Graded: Honda Prelude

Welcome to Graded. Here we discuss legendary marques, models, or trim packages and affix a letter grade to a selection of vehicles falling under that topic. The grades mean nothing and are completely arbitrary. I fully encourage you to tell me what I got wrong and how you would grade them instead. Have some fun with it.

Honda has made many iconic front-wheel drive performance vehicles during the brand’s history. It is sort of their forte. One such model was the Prelude that had a 20+ year run starting in the late 1970s and ending in the early 2000s.

Always a fun-to-drive car, by the end of the vehicle’s run it had become a legitimate alternative to a traditional rear-wheel drive sports coupe. In fact, some called it one of the first front-wheel drive sports cars. Below we have graded nine notable Prelude models that were available in the United States during the car’s existence.

And I say we because there is once again a guest judge, Tamerlaneblog. Tamerlaneblog tweets about oddball cars here and blogs about them here. He is a noted Honda fan who has driven many of the cars listed below.

1979 Honda Prelude

AutoLobotomy Grade: B-

The original Honda Prelude arrived in North America for the 1979 model year. Powered by 72 hp 1.8-liter four-cylinder engine, the lightweight Prelude was a nimble, but not terribly quick machine. But the reason it received such a positive grade from me is the instrument cluster. It is one of the best to ever come out of the 1970s with it’s double inlayed dials for speed and rpms.

Tamerlaneblog Grade: D

The only Honda product I abhor. Maybe it’s the bugeye headlights and taillights. Maybe it’s because my mom’s second ex-husband’s second ex-wife owned one.

1983 Honda Prelude

AutoLobotomy Grade: C+

For 1983 the Prelude entered its second generation with sleek new body work including pop-up headlights. Sadly, for North America though we only received the 100 hp 1.8-liter engine and didn’t get access to the more potent 2.0-liter engine that made a hearty 158 hp. Still, the car was a well handling, attractive coupe.

Tamerlaneblog Grade: B+

What I think of when someone says “Prelude”. That low hood with the pop up headlights is *chef’s kiss*.

1986 Honda Prelude 2.0Si

AutoLobotomy Grade: B-

For the 1986 model year a new 2.0Si trim level was available with a more powerful 2.0-liter engine. Unfortunately, it was not the same engine offered in Japan and Europe. For us, it made a paltry 110 hp. Still, that was a 10% increase over the base engine and the car handled and due to its low weight.

Tamerlaneblog Grade: A-

I recently drove one with 271,000 miles and it felt solid (except for the brake pedal).

1988 Honda Prelude 2.0Si 4WS

AutoLobotomy Grade: B

For the 1988 model year the Prelude entered its third generation, although it was hard to tell it apart from the second-generation car at first glance. The big news with the new model was the available four-wheel steering that made an already great handling car even better. The 2.0-liter engine was now up to a respectable 135 hp.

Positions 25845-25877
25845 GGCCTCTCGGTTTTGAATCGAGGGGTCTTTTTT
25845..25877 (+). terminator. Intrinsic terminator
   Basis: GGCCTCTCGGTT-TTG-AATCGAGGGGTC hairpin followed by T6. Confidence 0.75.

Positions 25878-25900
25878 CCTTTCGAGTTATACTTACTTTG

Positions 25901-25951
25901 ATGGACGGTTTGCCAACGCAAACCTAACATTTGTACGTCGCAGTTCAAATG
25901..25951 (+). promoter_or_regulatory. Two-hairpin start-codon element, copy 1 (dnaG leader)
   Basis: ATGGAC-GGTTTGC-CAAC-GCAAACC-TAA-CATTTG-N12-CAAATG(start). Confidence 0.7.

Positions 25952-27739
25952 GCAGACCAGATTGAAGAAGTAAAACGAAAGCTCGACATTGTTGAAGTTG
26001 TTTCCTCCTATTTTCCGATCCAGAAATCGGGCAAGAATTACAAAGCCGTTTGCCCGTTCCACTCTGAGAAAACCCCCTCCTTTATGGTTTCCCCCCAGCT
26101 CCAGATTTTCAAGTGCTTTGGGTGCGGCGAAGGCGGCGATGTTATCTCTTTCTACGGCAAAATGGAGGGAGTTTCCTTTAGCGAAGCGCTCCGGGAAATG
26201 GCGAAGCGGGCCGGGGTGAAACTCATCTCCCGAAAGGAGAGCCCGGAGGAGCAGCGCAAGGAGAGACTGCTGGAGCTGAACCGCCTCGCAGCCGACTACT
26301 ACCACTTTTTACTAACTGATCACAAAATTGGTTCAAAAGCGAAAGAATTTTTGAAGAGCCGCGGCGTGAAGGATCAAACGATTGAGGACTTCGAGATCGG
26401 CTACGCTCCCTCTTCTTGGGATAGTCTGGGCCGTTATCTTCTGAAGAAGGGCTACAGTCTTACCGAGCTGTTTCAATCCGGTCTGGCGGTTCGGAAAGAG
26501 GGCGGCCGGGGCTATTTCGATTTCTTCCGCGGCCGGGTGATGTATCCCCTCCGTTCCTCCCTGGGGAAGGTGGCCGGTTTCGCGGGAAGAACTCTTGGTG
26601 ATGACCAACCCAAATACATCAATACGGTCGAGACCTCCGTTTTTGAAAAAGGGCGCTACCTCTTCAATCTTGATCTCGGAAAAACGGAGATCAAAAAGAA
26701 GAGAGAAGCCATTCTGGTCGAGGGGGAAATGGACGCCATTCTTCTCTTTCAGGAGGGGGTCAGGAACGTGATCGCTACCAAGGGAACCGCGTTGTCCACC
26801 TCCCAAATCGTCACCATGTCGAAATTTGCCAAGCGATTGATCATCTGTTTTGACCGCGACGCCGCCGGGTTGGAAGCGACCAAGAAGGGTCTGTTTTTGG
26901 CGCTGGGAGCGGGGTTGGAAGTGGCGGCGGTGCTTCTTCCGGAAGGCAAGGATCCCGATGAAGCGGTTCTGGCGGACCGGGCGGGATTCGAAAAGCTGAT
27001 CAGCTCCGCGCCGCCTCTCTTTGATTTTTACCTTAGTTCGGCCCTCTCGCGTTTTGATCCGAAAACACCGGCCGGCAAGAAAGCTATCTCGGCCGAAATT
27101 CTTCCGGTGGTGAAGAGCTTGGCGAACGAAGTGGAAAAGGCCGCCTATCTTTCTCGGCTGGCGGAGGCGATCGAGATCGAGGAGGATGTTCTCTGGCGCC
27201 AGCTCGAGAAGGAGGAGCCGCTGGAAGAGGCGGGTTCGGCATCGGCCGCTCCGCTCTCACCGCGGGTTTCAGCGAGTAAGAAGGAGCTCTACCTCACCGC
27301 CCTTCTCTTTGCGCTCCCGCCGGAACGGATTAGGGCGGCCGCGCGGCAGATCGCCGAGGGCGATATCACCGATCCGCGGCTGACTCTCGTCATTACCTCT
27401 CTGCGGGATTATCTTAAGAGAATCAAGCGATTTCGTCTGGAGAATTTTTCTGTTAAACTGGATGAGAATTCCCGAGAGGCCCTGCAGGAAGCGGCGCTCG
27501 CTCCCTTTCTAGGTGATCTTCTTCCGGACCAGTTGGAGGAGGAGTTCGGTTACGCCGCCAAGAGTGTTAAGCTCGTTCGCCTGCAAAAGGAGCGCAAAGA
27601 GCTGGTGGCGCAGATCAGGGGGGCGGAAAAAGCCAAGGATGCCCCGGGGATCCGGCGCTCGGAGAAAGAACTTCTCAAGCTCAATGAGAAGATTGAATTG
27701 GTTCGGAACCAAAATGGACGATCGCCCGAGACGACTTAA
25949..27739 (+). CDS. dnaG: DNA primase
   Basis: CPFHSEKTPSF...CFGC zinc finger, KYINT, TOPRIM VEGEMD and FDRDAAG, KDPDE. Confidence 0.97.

Tamerlaneblog Grade: A+

The pinnacle.

1990 Honda Prelude Si 4WS

AutoLobotomy Grade: B+

The mid-cycle refresh of the third generation Prelude brought with it a slightly bigger engine for Si models with a bit more power as well as further improved handling. This would be the last of the pop-up headlight Preludes as styling would make a more dramatic change in a few years.

Tamerlaneblog Grade: A

The pinnacle (continued).

1992 Honda Prelude Si

AutoLobotomy Grade: A-

With the fourth generation, the Honda Prelude became a more serious performance coupe. The 2.2-liter engine made 160 hp and despite the car getting heavier, it continued to push the envelope on front-wheel drive handling. Unlike Tamerlaneblog, I like the crazy dashboard in these cars.  

Tamerlaneblog Grade: B-

Subjectively, I just don’t like the exterior of this generation Prelude. Also, that analog/digital dash was a disaster to look at.

1993 Honda Prelude VTEC

AutoLobotomy Grade: A

Just a year after introducing the fourth-generation Prelude in North America, Honda stepped up the performance even further with the introduction of the VTEC trim level. It came with a 190 hp four-cylinder featuring, you guessed it, VTEC. This for me is the pinnacle of the Prelude nameplate.

Tamerlaneblog Grade: B

I drove this one new from Santa Barbara to Orange County. It’s my sentimental favorite.

1997 Honda Prelude Type SH

AutoLobotomy Grade: A

For others, the pinnacle came with the introduction of the fifth-generation Prelude for the 1997 model year. All versions of the new car featured a 195 hp 2.2-liter engine, but the Type SH trim level was the one to have. During several comparison tests conducted around the time, the Prelude continued to out handle many more powerful and more expensive competitors.

Tamerlaneblog Grade: B+

For no reason, I just wasn’t into this generation Prelude.

2001 Honda Prelude Type SH

AutoLobotomy Grade: A-

The last hurrah for the Prelude, not much had changed since its introduction in 1997. Power was up by 5 hp, but that’s about it aside from small improvements. The Prelude would be discontinued after this year as Honda shifted focus for its coupes squarely on the Accord and Civic.

Tamerlaneblog Grade: B-

See above.

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